The one microfilm in Box 26, of materials from the Bancroft Library of the University of California at Berkeley, contains correspondence, basically on Republican party activities, between Bourne and John D. Works and Chester H. Rowell. Works provided Bourne with memoranda on politics in California and activities of the Democratic party from a Republican standpoint.
The photographs include negatives and prints, many by the Angelus Studio, circa 1910-1940s.
- Creation: 1883-1940
- Bourne, Jonathan, 1855-1940 (Person)
Conditions Governing Access note
Collection is open to the public. Collection must be used in Special Collections and University Archives Reading Room. Collection or parts of collection may be stored offsite. Please contact Special Collections and University Archives in advance of your visit to allow for transportation time. Glass plate negatives and lantern slides are restricted due to the fragility of the format. All decisions regarding use will be at the discretion of the curator for visual materials.
Conditions Governing Use note
Property rights reside with Special Collections and University Archives, University of Oregon Libraries. Copyright resides with the creators of the documents or their heirs. All requests for permission to publish collection materials must be submitted to Special Collections and University Archives. The reader must also obtain permission of the copyright holder.
Jonathan Bourne was a native of New Bedford, Massachusetts, and was educated at Harvard University. He came to Portland, Oregon in 1878 and practiced law for eight years. He then became active in mine and real estate speculation and Republican politics. In 1885 and 1897, he was a member of the Oregon House of Representatives from Multnomah County, and from 1888 to 1892, a member of the Republican National Committee. An ardent free silver proponent, Bourne supported Bryan in 1896 presidential race. He favored direct election of senators, and was himself elected U. S. Senator in 1906, but was not re-elected in 1912. He led the movement for a presidential preference primary in Oregon; a system adopted in 1910. Considered a progressive, Bourne was a founder and president of the National Progressive Republican League in 1911 and organized the Republican Publicity Association in 1912.
Source: Schmitt, Martin. Catalogue of Manuscripts in the University of Oregon Library. Eugene, Oregon: University of Oregon Books, 1971. Entry 126.
78 linear feet (54 containers) : 51 record storage boxes, 2 flat boxes, 1 irregular flat box
Language of Materials
Jonathan Bourne was a politician in Oregon at the turn of the twentieth century. In 1885 and 1897, he was a member of the Oregon House of Representatives, and was elected U. S. Senator in 1906. Considered a progressive, Bourne was a founder and president of the National Progressive Republican League in 1911 and organized the Republican Publicity Association in 1912. Most of the collection consists of U. S. Senate correspondence and case files. The Senate case files relate to topics which arose during Bourne's term of office, ranging from problems with the apple crop, through management of Indian affairs and reservations, to construction of public buildings, bridges and other projects in Oregon. There are folders on such issues as child labor, conservation, Chinese exclusion, and land law.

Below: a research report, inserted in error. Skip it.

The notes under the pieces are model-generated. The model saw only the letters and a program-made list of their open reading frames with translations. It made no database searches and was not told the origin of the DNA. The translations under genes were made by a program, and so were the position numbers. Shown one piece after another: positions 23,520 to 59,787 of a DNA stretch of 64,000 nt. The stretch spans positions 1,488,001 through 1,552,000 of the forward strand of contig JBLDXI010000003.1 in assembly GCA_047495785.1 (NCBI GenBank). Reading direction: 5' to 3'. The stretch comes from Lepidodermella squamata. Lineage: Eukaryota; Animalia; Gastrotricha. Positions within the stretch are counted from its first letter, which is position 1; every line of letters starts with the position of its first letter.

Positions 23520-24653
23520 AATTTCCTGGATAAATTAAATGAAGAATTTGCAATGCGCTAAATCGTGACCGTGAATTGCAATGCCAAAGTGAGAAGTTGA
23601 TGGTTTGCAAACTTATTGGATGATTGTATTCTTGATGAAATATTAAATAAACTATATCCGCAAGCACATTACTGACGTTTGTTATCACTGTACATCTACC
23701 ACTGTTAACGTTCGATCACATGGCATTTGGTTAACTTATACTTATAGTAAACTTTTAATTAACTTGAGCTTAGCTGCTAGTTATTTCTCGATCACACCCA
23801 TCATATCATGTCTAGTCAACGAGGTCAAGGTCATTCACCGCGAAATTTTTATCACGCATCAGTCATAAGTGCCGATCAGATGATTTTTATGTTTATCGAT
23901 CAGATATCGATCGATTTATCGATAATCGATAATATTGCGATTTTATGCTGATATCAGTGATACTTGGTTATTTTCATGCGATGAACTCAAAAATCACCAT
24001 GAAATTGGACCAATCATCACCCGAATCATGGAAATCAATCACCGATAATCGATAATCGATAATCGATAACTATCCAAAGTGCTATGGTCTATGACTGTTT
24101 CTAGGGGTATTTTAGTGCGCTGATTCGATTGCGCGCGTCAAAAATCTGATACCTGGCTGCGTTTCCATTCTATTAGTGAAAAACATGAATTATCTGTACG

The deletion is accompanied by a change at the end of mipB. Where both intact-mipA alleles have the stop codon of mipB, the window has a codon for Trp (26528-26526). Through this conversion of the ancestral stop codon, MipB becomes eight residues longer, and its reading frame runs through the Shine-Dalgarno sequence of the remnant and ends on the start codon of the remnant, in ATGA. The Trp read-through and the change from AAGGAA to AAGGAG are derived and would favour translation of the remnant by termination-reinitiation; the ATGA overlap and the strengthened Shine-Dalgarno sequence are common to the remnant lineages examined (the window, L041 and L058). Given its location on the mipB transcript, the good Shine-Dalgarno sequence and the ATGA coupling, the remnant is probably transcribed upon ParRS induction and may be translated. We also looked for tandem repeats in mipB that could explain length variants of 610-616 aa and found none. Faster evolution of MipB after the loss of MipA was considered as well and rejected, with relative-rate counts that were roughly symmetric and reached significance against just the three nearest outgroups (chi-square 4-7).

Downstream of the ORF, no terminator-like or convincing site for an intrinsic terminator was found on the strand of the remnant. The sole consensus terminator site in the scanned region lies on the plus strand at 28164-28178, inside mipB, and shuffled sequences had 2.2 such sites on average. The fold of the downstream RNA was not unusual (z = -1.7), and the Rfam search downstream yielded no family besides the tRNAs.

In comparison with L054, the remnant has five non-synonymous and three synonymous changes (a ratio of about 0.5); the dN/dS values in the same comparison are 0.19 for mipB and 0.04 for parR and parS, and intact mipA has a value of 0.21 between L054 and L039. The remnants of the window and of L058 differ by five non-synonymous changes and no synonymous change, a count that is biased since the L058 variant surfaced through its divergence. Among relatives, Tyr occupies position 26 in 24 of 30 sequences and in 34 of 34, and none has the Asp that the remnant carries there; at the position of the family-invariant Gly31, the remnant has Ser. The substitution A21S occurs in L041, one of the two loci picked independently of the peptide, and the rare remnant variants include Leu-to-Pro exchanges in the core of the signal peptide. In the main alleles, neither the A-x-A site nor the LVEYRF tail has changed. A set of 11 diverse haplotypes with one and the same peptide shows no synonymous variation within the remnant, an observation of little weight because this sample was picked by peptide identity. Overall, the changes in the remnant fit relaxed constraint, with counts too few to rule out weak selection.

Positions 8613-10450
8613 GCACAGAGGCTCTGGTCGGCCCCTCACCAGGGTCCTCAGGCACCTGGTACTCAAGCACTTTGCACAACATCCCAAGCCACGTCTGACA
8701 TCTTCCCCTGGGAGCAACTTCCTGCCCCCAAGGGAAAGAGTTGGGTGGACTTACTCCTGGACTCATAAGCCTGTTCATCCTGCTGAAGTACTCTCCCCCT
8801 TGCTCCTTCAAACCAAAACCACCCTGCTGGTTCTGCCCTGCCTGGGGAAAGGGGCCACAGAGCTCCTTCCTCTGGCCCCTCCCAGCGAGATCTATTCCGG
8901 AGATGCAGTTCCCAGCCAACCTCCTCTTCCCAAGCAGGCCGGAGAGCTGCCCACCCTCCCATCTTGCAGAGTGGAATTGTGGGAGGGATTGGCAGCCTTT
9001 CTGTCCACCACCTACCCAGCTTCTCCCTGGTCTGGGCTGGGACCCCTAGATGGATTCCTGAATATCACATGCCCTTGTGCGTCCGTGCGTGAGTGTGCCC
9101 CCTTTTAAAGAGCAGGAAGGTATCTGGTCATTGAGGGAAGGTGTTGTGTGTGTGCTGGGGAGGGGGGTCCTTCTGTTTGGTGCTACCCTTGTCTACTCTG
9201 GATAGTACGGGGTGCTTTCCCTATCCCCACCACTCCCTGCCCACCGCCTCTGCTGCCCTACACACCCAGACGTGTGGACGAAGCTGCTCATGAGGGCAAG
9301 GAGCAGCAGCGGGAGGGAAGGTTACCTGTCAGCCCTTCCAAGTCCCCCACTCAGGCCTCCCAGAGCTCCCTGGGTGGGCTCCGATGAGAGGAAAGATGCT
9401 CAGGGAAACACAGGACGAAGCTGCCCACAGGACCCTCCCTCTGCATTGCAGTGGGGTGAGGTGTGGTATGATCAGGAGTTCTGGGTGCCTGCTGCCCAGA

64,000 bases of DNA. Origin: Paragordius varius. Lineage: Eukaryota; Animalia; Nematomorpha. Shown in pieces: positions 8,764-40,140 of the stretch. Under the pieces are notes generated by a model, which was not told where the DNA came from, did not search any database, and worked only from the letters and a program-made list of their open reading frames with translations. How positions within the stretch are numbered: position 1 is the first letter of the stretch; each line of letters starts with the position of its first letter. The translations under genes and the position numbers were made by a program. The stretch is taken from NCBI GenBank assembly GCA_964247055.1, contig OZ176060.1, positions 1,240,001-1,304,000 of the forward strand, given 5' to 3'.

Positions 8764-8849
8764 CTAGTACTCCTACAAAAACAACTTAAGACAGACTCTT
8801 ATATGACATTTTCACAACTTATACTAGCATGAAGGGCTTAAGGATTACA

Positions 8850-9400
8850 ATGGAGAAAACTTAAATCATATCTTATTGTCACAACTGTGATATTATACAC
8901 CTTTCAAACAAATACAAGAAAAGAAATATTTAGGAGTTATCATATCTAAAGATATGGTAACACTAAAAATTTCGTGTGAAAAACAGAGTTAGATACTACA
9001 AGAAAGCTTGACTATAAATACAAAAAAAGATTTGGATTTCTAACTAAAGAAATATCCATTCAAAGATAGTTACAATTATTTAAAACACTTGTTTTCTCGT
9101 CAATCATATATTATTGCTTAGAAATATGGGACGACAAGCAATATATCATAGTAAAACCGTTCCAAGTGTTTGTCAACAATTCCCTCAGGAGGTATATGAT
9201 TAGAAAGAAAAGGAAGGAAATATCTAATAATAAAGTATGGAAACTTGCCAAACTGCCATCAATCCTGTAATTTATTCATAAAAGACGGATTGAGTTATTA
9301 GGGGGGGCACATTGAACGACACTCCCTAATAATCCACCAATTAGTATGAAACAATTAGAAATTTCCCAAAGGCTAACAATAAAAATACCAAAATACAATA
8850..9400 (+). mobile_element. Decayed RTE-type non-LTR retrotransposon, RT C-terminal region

Collection is organized into the following series: Correspondence; Correspondence: Office Files; Correspondence: Outgoing; and Photographs.
Physical Characteristics and Technical Requirements note
Collection includes nitrate photographs.
Collection processed by staff.
This finding aid may be updated periodically to account for new acquisitions to the collection and/or revisions in arrangement and description.
Genre / Form
- Oregon -- Politics and government -- 1859-1950
- United States -- Politics and government -- 20th century
- Guide to the Jonathan Bourne Papers
- Complete Description
- Finding aid prepared by Cheryl Roffe and Vida Germano
- Description rules
- Describing Archives: A Content Standard
- Language of description
- Script of description
- Language of description note
- Finding aid written in English.
- Funding for encoding this finding aid was provided through a grant awarded by the National Endowment for the Humanities.